My Itchy Pet: Is it Allergies in Your Dog/Cat?

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by Michel Selmer, DVM

By the time October rolls around, autumn is well under way, and along with

Dr. Michel Selmer, DVM

Dr. Michel Selmer, DVM

that fall weather comes a number of pollens and molds that could be affecting your pet, especially those dogs and cats that spend time outdoors or live in a household with other pets that do spend time outdoors. Knowing the symptoms that may indicate that your dog or cat is having an allergic reaction to something is the first step. Here are some of the symptoms you should be aware of:

  • Itching. While Itching can be a sign of dry skin, it may also be a sign that your pet not only has fleas but may be having an allergic reaction to these little pests.
  • Chewing at their feet
  • Rubbing their noses
  • Runny eyes
  • Snoring
  • Constantly licking or biting at themselves

While many of these symptoms can be due to other causes, if they only appear during the fall months, it is more than likely that these symptoms indicate an allergic reaction to some of the fall pollens or spores. You need to have your dog or cat examined by your vet to determine the exact cause of these symptoms. If the problem is due to allergies, there are a number of treatments your vet and you may try in order to help your pet stay healthy and feel more comfortable. Some of the treatments may include:


Just like in humans, antihistamines are used to treat some of the symptoms of allergies in your dog and cat, such as that runny nose, those watering eyes, and that swelling and itching of the nasal passages. While antihistamines can help reduce these allergy symptoms, your vet may advise you begin giving your pet antihistamines a couple of weeks before the allergy season begins to help prevent the symptoms from appearing at all.

A Natural Approach

Quercetin, a bioflavanoid with anti-inflammatory and anti-oxidant properties, does a great job at suppressing histamine release … nature’s antihistamine. Bromelain and papain are proteolytic enzymes. Bromelain is derived from pineapples and papain is from papaya. These enzymes help to increase the absorption of quercetin as well as help to suppress histamines. Coconut oil contains lauric acid and, therefore, helps to reduce yeast. Coconut oil and fish oils (omega-3 fatty acids) work to help suppress inflammation in the body as well.

Frequent Bathing with a Mild Shampoo

Your vet may also suggest that you bathe your pet much more frequently during the allergy season to keep those allergens from collecting on their fur and feet. They become like “Swiffers,” collecting allergens and bringing them into the home. Common sense dictates to wash them off. Fall fleas pose an additional problem for your dog; flea shampoo may be suggested in place of a regular pet shampoo. This will help to prevent itchy skin, and many of the other allergy symptoms, from being so severe, as your pet won’t be constantly carrying those allergens around with him or her.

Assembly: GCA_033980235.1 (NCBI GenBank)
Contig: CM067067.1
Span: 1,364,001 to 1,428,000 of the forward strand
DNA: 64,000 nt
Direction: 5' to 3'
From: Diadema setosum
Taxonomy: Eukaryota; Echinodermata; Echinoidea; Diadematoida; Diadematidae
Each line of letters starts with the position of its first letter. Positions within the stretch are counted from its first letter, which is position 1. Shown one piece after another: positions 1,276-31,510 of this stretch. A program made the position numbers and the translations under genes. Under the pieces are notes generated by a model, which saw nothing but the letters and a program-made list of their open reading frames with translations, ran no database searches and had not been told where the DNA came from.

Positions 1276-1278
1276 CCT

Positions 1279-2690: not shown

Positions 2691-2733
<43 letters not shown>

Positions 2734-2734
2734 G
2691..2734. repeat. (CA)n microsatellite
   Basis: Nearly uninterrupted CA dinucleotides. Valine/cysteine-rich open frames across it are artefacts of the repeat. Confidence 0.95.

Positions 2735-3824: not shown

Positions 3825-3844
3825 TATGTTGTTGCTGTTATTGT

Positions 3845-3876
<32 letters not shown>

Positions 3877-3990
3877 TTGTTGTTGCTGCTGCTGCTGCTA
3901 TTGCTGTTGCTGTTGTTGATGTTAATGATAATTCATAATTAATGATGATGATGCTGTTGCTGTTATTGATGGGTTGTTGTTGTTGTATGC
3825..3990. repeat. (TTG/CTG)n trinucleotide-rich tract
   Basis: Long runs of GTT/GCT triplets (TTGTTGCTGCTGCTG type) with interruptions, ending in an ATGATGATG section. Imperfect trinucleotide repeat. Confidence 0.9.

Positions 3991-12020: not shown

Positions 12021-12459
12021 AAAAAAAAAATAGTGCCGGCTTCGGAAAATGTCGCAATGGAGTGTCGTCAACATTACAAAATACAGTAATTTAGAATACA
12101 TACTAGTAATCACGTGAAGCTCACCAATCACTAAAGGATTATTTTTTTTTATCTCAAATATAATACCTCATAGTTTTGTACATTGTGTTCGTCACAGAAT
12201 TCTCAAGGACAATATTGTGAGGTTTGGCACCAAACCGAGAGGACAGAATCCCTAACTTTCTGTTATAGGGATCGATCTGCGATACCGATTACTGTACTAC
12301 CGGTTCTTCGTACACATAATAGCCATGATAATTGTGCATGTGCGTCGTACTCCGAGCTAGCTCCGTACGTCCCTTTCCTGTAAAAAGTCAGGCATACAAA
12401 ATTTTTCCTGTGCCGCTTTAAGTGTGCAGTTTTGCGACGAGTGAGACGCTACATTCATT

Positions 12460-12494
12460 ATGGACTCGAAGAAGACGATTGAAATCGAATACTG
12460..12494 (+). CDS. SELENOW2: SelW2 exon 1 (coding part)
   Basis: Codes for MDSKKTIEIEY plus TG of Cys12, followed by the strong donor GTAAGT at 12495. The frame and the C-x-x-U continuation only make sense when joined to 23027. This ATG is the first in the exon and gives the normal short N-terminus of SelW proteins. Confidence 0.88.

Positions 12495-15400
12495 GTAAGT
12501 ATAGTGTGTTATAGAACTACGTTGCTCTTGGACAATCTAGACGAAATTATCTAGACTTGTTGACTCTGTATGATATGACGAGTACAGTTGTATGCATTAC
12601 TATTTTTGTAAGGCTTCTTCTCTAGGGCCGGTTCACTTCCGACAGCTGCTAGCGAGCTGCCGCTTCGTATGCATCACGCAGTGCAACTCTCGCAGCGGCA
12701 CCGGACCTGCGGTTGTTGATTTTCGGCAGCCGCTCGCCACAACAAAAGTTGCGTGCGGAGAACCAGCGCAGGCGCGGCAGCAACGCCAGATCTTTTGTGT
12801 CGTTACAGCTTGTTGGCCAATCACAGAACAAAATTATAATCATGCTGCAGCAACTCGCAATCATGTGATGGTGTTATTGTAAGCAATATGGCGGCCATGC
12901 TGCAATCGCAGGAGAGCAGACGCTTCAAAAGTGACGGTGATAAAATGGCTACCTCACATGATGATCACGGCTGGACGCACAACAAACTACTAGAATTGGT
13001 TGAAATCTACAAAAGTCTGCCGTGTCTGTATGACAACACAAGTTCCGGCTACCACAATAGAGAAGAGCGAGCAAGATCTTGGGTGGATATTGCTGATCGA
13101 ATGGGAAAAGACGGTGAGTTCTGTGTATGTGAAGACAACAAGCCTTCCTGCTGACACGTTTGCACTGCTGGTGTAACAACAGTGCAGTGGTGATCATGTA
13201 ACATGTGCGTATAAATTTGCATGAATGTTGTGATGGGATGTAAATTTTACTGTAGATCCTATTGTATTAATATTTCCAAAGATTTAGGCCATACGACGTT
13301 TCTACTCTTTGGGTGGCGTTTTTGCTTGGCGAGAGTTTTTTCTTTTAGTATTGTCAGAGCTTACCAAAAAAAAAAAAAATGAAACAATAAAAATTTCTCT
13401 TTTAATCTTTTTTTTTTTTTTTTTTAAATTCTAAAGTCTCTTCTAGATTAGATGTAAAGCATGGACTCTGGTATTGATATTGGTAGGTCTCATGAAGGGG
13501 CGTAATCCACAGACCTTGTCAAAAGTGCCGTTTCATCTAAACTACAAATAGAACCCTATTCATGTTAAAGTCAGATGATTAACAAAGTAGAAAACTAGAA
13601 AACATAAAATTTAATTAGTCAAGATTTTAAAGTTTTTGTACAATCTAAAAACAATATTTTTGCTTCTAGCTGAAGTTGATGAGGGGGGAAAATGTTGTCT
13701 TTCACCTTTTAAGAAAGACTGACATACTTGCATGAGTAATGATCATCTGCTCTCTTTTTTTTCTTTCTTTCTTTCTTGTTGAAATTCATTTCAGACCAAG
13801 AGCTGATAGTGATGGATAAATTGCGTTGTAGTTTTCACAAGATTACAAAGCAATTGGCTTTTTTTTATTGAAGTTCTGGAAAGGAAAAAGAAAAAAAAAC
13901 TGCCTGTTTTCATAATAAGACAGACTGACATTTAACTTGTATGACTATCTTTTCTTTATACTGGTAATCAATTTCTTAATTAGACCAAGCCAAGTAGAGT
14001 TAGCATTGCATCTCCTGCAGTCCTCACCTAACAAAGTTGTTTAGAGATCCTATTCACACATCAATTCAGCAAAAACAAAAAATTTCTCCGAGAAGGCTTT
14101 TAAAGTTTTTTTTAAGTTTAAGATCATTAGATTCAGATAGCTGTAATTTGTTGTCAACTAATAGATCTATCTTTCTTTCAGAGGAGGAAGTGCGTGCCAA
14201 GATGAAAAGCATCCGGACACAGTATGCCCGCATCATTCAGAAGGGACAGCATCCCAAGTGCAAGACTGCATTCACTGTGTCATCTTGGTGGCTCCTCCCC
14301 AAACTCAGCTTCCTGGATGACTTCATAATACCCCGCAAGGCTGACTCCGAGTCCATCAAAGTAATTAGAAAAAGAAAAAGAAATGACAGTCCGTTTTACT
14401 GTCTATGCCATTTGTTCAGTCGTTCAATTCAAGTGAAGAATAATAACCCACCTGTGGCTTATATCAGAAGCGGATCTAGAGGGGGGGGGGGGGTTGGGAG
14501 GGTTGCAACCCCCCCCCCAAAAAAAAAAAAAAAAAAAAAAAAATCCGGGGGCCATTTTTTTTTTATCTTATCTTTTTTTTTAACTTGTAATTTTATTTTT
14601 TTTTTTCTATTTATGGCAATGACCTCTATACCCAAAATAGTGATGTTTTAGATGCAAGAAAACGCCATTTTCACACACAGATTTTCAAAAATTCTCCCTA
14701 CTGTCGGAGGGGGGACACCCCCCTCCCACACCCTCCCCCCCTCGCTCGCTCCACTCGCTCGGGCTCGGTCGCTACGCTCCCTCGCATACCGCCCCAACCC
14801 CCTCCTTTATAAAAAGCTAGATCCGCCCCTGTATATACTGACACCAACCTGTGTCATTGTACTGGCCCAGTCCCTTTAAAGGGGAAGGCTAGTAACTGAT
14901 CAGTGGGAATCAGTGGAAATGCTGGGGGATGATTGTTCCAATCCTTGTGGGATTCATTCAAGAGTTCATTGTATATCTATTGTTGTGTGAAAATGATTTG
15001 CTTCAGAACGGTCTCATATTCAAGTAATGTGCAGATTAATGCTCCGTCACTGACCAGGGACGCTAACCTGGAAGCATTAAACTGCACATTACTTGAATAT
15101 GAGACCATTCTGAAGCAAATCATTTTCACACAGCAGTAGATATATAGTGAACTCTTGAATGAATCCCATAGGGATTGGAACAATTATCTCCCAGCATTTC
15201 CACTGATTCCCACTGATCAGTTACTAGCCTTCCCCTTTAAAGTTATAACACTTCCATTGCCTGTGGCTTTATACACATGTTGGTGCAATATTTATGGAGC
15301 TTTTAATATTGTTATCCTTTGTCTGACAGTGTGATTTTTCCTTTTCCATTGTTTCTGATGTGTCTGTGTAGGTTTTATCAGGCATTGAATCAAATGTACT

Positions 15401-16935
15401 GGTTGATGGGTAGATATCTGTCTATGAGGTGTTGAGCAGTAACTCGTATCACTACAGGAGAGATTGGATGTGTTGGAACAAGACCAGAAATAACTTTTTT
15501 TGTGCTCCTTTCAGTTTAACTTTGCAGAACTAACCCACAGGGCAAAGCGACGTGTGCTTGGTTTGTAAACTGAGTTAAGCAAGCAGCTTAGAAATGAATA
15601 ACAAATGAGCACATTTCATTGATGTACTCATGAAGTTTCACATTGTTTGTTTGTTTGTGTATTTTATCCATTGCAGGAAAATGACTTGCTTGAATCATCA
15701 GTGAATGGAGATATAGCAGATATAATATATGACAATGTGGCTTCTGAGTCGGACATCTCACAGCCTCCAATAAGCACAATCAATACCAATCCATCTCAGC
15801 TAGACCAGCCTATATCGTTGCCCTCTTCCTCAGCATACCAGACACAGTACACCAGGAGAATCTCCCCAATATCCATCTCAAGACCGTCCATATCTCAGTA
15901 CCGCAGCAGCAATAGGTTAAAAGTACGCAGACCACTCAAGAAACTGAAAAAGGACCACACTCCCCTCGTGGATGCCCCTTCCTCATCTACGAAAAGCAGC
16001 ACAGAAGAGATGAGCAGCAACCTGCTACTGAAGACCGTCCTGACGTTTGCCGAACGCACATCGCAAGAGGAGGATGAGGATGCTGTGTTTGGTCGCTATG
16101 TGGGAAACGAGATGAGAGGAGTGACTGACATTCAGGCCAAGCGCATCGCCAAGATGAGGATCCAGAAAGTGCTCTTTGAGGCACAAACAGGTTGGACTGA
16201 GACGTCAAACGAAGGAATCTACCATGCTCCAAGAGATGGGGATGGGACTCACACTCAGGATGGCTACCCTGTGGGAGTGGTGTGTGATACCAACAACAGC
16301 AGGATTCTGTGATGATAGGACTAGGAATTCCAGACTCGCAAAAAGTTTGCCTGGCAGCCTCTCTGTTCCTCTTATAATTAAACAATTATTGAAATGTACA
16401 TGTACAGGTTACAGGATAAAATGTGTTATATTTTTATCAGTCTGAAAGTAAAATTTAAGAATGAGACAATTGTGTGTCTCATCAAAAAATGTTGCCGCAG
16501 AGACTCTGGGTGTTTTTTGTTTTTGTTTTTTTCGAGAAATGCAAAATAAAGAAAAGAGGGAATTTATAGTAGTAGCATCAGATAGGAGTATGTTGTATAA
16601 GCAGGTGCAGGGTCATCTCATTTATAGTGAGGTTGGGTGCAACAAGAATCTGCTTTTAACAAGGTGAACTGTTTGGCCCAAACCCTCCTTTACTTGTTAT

You will also need to keep your pet’s bedding washed.

Some Additional Tips

There are foods that can be pro-inflammatory. During peak allergy season, I recommend that you decrease foods that may be pro-inflammatory. An example of a food group that can exacerbate inflammation in dogs is grain carbohydrates.

If your pet is prone to allergies, eliminate corn, wheat, rice, starches and soy. Increase the amount of fruits, veggies and berries as well as lean meats.

I do not recommend vaccinating allergy-prone pets during allergy season. Allergies cause an inflammatory response, as do vaccines. The last thing your allergic pet needs is more inflammation. Please consult with a holistic veterinarian about titers to measure your pet’s immunity to core diseases as an alternative to automatically vaccinating. If your pet’s titer is sufficient, your pet may not require the vaccine at all this year.

If all else fails, your vet may give your pet allergy shots to help relieve some of those allergy symptoms and help your pet to feel more comfortable.

But don’t forget traditional Chinese veterinary medicine. There are many allergic pets I have helped with Chinese herbal formulas and acupuncture. I recommend that if your pet suffers from allergies, you consult with a certified veterinary acupuncturist so that you have access to all the possible treatment and prevention options.

Remember, the best treatment for autumn allergies for your pet is to be able to recognize the symptoms when they first appear and get a proper diagnosis and treatment plan in place. Please check back in the next issue of Natural Awakenings to learn more about allergy testing and getting the proper diagnosis.

Source: Dr. Michel Selmer, of Advanced Animal Care Center, located at 260 Evergreen Ave., South Huntington. For more information, call 631-FOR-PETS (631-367-7387) or visit

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